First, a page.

Burlington City Council Passes Resolution Asking For Pause Of F-35 Training Flights During Pandemic
The Burlington City Council passed a resolution this week asking Vermont’s governor to stop Air National Guard training flights and divert all Guard resources toward the COVID-19 epidemic.
The Vermont Air National Guard Base at the Burlington International Airport received its first two F-35 fighter jets last September after years of debate over the basing of the planes.It now has 15 of the aircraft and five more will arrive by this summer. Meeting remotely, the Burlington City Council on Monday considered a resolution calling on Governor Phil Scott and the state’s Congressional delegation to “…do everything in their power to halt the F-35 aircrafts’ training flights…during this global emergency and to dedicate resources toward mitigating the local impacts of COVID-19.”
The language mirrors a petition posted on Change.org by F-35 opponent James Marc Leas, who commented during the council’s public forum. “Huge resources of manpower and money should not be diverted into F-35 training flights when we have a pandemic.”
Most callers supported the resolution but several, including Dale Tillson, were critical. “What an insult this must be to the National Guard in this time when their members have given so much to Vermont, the nation and our community with their ever-present help during this COVID-19 crisis. I encourage all councilors to rip this BS resolution up.”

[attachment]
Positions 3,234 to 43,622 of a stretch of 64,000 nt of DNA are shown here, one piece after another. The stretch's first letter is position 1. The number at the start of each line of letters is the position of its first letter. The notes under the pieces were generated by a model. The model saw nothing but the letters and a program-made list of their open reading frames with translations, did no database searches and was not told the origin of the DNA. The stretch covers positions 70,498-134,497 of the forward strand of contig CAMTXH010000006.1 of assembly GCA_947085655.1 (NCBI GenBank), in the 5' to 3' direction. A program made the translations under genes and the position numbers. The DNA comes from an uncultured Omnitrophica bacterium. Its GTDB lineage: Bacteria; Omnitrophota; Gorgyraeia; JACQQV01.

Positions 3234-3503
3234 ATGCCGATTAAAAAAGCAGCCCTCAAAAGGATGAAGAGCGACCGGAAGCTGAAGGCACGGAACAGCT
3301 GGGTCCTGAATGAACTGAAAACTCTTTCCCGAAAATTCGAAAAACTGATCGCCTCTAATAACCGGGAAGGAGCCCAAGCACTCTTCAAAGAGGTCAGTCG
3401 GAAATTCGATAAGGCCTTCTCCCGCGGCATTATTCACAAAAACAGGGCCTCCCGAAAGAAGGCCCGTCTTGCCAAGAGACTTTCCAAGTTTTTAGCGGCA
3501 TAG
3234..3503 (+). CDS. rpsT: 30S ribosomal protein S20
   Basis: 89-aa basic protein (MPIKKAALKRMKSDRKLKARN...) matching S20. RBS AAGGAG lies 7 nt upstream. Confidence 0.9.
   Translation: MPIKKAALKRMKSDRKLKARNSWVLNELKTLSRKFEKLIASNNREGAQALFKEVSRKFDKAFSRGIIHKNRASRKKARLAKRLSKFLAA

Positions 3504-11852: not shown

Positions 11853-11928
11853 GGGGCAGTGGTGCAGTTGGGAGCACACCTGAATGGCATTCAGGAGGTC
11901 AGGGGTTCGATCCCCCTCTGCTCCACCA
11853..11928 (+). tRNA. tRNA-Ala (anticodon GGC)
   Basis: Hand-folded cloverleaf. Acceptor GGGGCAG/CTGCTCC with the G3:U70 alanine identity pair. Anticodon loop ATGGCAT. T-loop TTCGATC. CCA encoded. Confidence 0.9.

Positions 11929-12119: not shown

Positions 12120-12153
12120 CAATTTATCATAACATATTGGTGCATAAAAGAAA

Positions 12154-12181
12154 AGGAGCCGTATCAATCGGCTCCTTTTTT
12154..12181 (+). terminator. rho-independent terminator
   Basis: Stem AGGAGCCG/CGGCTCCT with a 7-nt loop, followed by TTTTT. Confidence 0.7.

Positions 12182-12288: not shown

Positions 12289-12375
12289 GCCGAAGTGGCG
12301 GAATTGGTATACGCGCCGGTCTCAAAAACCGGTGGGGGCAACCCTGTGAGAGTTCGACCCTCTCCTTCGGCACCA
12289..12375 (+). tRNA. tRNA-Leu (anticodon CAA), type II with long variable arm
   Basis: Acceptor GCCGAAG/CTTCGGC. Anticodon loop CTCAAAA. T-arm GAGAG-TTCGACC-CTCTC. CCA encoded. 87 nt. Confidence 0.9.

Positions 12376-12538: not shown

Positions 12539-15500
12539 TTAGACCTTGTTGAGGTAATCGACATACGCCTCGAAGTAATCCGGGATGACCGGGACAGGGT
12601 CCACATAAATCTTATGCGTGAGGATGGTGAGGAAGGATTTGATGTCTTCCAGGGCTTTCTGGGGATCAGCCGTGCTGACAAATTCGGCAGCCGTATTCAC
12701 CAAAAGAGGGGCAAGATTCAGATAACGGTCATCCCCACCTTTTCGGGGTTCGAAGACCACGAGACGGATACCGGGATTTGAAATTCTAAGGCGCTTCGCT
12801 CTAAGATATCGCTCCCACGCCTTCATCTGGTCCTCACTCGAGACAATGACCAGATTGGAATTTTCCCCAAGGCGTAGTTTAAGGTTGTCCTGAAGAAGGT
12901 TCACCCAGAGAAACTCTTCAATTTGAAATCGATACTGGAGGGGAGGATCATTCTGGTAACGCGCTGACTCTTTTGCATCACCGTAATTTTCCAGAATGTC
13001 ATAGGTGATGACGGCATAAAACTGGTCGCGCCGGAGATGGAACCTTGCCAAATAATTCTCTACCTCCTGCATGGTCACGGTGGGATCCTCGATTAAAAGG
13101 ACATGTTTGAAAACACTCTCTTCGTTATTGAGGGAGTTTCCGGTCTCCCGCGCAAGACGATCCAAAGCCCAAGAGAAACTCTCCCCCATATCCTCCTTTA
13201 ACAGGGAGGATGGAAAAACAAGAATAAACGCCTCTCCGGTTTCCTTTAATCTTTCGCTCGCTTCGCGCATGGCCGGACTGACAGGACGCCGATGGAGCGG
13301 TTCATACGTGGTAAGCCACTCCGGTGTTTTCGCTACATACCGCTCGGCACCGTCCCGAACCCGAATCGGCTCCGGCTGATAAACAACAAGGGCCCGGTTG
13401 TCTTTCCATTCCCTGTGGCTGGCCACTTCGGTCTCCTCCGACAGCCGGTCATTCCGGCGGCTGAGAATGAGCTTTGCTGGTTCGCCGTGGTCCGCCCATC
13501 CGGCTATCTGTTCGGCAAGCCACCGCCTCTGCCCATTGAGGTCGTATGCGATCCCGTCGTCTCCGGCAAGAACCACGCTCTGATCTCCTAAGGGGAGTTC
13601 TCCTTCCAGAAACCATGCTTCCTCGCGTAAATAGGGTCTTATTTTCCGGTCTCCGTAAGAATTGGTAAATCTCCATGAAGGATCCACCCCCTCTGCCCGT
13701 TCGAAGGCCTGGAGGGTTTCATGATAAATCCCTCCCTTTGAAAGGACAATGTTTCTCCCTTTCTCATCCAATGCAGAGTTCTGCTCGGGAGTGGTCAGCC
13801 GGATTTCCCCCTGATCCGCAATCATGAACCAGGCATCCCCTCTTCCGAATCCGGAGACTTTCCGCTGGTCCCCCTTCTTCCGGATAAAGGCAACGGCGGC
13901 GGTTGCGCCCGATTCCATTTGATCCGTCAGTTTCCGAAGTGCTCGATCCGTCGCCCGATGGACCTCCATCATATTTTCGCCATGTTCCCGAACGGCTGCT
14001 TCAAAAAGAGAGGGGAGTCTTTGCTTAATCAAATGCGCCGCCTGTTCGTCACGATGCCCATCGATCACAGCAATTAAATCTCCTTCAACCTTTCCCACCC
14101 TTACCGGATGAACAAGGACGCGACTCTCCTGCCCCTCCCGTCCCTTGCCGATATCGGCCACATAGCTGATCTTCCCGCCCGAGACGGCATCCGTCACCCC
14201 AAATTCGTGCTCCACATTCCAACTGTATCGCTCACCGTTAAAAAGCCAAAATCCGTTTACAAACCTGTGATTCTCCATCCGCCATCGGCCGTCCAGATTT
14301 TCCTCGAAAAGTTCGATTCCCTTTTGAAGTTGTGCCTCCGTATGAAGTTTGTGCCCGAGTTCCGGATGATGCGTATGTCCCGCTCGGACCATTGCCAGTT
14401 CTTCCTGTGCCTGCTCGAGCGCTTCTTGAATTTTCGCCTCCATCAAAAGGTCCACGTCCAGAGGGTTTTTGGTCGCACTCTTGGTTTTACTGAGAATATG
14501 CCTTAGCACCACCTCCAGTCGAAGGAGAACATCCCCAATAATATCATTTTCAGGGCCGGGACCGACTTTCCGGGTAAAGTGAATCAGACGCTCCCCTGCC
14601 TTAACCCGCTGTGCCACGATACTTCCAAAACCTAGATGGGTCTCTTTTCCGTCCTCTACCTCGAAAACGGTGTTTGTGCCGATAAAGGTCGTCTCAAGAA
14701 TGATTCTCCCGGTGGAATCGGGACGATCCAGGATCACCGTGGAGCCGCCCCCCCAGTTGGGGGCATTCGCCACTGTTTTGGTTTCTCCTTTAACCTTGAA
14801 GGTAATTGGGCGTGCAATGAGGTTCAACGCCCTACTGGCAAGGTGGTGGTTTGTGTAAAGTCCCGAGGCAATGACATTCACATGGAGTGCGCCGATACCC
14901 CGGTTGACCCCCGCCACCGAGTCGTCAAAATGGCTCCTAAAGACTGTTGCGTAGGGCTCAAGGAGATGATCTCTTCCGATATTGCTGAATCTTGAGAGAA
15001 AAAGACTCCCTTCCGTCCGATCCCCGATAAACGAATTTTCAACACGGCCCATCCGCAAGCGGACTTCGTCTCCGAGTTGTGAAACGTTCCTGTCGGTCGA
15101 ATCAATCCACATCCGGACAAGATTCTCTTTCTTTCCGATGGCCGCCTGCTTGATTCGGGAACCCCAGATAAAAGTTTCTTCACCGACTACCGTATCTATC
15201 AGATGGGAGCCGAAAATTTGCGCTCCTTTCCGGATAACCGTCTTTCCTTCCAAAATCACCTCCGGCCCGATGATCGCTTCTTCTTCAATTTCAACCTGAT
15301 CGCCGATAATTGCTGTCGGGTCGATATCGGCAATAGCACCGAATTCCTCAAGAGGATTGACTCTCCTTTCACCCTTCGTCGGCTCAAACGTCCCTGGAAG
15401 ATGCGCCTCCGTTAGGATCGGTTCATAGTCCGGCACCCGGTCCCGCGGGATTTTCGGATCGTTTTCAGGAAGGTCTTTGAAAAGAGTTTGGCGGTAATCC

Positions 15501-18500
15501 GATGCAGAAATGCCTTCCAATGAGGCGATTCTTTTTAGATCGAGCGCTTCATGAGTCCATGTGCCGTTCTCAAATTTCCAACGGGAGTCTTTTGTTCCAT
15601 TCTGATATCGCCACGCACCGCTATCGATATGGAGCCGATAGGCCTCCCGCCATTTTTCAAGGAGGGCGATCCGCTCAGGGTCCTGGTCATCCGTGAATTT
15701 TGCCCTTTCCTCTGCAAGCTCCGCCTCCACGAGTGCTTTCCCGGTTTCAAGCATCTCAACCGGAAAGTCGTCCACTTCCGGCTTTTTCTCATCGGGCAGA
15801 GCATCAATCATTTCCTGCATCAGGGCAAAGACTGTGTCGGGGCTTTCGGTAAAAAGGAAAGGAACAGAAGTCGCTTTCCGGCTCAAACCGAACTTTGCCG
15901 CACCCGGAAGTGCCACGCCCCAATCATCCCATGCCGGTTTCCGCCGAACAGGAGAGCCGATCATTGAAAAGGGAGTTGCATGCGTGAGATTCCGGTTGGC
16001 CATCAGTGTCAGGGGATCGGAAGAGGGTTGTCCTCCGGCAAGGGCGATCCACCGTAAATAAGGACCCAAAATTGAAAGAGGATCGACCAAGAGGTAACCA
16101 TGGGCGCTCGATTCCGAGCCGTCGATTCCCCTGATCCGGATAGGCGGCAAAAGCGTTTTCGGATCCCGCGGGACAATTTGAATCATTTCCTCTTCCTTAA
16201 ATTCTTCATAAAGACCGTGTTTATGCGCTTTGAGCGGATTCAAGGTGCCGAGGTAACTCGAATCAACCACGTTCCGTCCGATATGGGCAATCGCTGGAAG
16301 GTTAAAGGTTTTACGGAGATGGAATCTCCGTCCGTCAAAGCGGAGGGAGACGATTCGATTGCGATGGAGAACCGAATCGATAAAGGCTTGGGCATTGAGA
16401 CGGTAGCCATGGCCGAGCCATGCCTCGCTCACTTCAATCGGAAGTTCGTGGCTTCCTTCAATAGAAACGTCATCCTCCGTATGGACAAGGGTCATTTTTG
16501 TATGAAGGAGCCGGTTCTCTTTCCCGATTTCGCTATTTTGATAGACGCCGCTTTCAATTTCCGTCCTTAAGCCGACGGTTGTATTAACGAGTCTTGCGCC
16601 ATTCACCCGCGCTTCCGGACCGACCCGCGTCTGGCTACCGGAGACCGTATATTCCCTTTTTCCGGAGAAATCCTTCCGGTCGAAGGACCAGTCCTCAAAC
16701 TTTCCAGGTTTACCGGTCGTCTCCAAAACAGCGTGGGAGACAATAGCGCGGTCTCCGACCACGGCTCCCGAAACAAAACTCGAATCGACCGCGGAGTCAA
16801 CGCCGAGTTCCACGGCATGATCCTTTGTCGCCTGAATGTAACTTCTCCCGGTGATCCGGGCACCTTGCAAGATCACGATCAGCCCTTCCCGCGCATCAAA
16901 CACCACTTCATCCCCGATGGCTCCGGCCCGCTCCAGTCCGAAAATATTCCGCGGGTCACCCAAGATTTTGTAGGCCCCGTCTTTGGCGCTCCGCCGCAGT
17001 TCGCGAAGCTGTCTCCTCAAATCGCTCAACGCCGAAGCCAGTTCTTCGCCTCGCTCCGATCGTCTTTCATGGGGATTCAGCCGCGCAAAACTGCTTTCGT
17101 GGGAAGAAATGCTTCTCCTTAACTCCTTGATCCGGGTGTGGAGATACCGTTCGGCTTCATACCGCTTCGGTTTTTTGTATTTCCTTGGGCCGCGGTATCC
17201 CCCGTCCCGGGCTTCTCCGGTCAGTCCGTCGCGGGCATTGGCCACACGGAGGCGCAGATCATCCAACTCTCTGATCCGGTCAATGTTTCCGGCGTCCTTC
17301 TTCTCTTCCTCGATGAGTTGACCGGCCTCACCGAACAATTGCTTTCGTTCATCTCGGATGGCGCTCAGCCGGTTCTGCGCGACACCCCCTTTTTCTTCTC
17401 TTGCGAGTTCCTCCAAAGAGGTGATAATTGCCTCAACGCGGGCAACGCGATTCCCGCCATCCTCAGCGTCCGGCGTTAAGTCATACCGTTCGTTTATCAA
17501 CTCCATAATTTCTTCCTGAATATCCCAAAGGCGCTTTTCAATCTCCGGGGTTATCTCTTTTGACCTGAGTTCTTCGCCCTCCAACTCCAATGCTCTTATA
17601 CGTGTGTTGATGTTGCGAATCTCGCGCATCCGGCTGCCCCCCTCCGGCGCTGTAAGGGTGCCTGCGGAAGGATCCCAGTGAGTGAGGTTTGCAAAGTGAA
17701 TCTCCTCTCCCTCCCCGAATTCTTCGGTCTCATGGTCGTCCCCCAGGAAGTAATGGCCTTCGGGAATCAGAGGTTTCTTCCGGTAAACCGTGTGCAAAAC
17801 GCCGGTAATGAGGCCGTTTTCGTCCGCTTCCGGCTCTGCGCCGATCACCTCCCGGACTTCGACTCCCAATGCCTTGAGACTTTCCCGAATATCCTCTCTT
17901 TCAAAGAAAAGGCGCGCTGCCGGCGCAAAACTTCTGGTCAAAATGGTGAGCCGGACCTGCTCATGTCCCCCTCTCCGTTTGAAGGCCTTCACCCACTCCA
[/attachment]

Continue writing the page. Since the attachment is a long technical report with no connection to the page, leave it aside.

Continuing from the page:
Ward 7 Independent Ali Dieng criticized resolution sponsor Perri Freeman in part because the resolution’s original language so closely mirrored the Change.org petition. “Did you know that the people who made this petition did send him a letter and was just wondering people who made this resolution if they have read the response of the governor to those petitions?”
City Council President Max Tracy: “Councilor Freeman would you like to answer that question?”
Freeman: “I am not aware of a direct response from the governor’s office.”
Dieng told the council that Governor Scott has already responded to the question posed in the resolution after the petitioners, who helped draft the resolution, went to the governor and got a no. “The petitions did not start with those who are monitoring the airport. They wanted to do it by themselves. I don’t want the F-35’s here. My point is we ask them nicely. If there is a way we reduce the flight of the F-35. Fifty-percent will give us bargaining power. We can send it to them and ask nicely. Knowing the governor already said no I don’t see myself bringing the resolution to him again.”
Resolution sponsor Freeman, a Central District Progressive, said whether or not the petitioners approached the governor independently, it’s important that the city weigh in. “The community is incredibly stressed by these flights at this time. It’s not meant to be impolite or create problems. I think it’s really just honestly addressing a pretty straightforward concern that many many people, I would say the majority of people, in the community have been feeling.”
Ward 4 Democrat Sarah Carpenter says the resolution is intended to address current concerns. “This is not a referendum on the Air National Guard nor does it answer the questions of the long-term activity at the air guard. I think this really just tries to focus the conversation on what’s happening right now.”
The resolution passed on an 11 to 1 vote.
In a press release earlier this month the Vermont Air Guard said it would continue flying operations and support of the state’s COVID-19 response.